As anthropologists and sociologists studying contemporary politics of criminalisation we are concerned with the social lives of criminal law and crime control policies. As outlined by the anthropology of policy (Shore/Wright 1997), policies and laws work on people, they produce, and react to, figures of crime. To analytically engage with subject construction or figurations, we find Michel Foucault’s distinction between the subject of the offender and the delinquent particularly helpful that he introduces in his famous study on discipline and punishment (1977). The offender, according to Foucault, is constituted through the isolated act of rule violations. Thus, he is the subject known and constituted by criminal law. The delinquent, however, is called into being within the processes of punishment and judicial procedures. Subjected to police, judges, attorneys, prison administration and so on, the delinquent is not only constituted through the act of rule violation.

Following the criminal justice rationality of correction and just sentencing, the delinquent is constituted through their biography, personality and social conditions. It`s within the subjection of the delinquent, where according to Foucault, psychiatric and judicial discourses meet and merge. It is here, where psychiatric knowledge confuses the judicial attribution of responsibility. In our research we engage with different subjects constructed as “delinquent”: with women who undergo abortion, with sex workers, with people who use drugs and with female prisoners.  

To illuminate subject constructions at the intersection of criminalisation and vulnerabilisation, a  gender theoretical perspective is particularly promising. Foucault writes that the intertwining of the judicial and psychiatric discourses allowed for the figure of the dangerous individual to emerge. And several other scholars have pointed to the construction of criminals as monsters or risks. The subjects we are concerned with are, however, not so dangerous, and not so monstrous. Instead, engaging with certain gendered and infantilised notions of victimhood, vulnerability and innocence allows us to craft out the nuances, complexities and contradictions within what is considered dangerous to the normative and moral social order. Therefore, a gender perspective promises to interrogate, and to add nuances to theorisations of criminalisation and punishment.

Carceral-care, as defined by Ghazah Abbasi (Abbasi 2020) is a situation whereby “disciplinary tactics intertwine state repression with state care”. Carceral-care programs:

  • „are designed to promote material and psychological well-being of carceral populations”
  • are characterized by a “paradoxical nature”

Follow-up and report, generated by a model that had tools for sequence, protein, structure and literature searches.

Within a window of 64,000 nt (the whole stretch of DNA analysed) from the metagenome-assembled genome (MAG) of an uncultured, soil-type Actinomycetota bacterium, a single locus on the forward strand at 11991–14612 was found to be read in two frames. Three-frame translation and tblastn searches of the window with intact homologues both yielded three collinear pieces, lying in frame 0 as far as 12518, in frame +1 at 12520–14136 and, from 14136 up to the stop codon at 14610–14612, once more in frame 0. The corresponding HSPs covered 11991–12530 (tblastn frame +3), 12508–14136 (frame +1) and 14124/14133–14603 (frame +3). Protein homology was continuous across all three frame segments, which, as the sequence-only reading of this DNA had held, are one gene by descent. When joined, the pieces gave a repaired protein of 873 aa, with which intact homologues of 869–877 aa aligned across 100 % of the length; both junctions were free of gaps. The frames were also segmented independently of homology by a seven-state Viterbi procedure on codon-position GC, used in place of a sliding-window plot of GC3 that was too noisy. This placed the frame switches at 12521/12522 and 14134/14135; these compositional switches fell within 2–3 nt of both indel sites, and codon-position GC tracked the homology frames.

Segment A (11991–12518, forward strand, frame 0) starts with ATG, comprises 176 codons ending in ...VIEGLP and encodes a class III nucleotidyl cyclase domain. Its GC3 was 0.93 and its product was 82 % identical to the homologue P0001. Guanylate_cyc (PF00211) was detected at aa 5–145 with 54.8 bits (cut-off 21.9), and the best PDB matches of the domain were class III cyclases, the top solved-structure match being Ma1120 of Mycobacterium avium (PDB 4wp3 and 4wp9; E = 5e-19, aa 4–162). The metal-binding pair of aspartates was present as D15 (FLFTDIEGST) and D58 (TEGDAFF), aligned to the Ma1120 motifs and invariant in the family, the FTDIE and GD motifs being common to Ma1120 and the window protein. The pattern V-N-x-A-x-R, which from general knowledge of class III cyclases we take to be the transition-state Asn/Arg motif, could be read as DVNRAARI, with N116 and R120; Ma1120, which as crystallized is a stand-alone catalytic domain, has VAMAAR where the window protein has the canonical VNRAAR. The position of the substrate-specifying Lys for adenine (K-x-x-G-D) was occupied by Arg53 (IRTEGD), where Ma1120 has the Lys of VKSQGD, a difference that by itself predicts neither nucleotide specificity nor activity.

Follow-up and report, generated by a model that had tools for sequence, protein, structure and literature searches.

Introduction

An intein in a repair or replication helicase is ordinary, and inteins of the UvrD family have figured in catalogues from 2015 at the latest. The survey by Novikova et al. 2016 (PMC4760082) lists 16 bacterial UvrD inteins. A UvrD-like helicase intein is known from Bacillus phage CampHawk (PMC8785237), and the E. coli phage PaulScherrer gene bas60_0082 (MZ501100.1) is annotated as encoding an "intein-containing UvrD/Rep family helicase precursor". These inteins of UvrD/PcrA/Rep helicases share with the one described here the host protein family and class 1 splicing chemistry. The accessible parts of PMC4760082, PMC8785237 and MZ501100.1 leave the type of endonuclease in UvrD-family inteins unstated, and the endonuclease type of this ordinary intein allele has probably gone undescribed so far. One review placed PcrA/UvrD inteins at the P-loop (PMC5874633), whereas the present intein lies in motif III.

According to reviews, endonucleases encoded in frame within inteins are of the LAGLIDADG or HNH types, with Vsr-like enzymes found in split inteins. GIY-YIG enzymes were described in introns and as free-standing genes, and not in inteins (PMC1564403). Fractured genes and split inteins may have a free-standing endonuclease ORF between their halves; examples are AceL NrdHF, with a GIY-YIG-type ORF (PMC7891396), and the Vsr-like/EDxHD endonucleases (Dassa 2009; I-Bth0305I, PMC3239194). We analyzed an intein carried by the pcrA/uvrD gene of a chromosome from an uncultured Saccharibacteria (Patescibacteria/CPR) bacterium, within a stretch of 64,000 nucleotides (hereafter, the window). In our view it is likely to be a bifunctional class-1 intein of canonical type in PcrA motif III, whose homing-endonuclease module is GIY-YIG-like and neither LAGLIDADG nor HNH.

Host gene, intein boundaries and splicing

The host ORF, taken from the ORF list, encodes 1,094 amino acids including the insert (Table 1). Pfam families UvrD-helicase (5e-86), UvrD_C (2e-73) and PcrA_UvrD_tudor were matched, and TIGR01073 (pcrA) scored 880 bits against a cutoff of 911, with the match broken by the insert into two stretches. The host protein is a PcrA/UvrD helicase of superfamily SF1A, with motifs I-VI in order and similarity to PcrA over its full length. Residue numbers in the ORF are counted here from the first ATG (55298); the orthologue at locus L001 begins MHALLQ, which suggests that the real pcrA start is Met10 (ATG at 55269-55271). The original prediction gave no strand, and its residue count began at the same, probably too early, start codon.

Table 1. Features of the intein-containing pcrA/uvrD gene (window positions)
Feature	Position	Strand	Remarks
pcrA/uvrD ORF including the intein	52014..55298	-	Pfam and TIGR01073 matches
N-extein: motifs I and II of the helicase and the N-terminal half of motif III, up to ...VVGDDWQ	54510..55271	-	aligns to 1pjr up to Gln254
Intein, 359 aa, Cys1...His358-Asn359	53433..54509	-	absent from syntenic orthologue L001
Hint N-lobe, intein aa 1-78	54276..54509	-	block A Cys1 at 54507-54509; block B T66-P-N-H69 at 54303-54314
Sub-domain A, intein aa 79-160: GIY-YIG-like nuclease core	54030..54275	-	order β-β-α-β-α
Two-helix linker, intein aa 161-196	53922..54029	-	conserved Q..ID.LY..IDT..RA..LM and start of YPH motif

• „are neither purely coercive nor purely consensual, but contain elements of both coercion and consent, care and incarceration”
  • individualize a problem, obscuring the systemic root of suffering

Other social sciences scholars have theorized about systems which provide both care and criminalisation as “jailcare” (Sufrin 2017), “carceral protection” (Musto 2019) “penal welfare system” (Gruber, Cohen, und Mogulescu 2016). The concept of carceral care helps us understand the complexities of criminalisation policies. The motivation for these policies contain both concerns about the danger of the criminalised activity (e.g. drug use, sex work) and concerns for the criminalised subjects (e.g. people who use drugs, sex workers). This concern, however, does not increase the groups’ agency, as they are being infatilised, victimised, portrayed as unable to make fully responsible decisions.

This blog post is a summary of the introduction to the workshop “Vulnerabilising criminalised subjects: Entanglements of Gender and Crime“ facilitated by Friederike Faust and Agata Chełstowska. The Workshop was held on Friday, June 11th 2021 via Zoom platform, as a part of CrimScapes’ first Thematic Seminar. During the workshop four project researchers presented insights from their research on sex-work (dr Agata Dziuban), drug use (dr Justyna Struzik), abortion (dr Agata Chełstowska) and women’s prisons (dr Friedrike Faust).

Abbasi, Ghazah. 2020. „Discipline and Commoditize: How U-Visas Exploit the Pain of Gender-Based Violence“. Feminist Criminology 15 (4): 1–28.

Foucault, Michel. 1977. Discipline and Punish: The Birth of the Prison. New York: Random House.

Gruber, Aya, Amy J. Cohen, und Kate Mogulescu. 2016. „Penal welfare and the new human trafficking intervention courts“. Florida Law Review 68 (5): 1333–1402.

Musto, Jennifer. 2019. „Transing Critical Criminology: A Critical Unsettling and Transformative Anti-Carceral Feminist Reframing“. Critical Criminology, Nr. 27: 37–54. https://doi.org/10.1007/s10612-019-09434-y.

Shore, Chris/Wright, Susan. 1997. Anthropology of policy: critical perspectives on governance and power. New York; London: Routledge.

Sufrin, Carolyn. 2017. Jailcare: Finidng the safety net for women behind bars. Oakland, CA: University of California Press.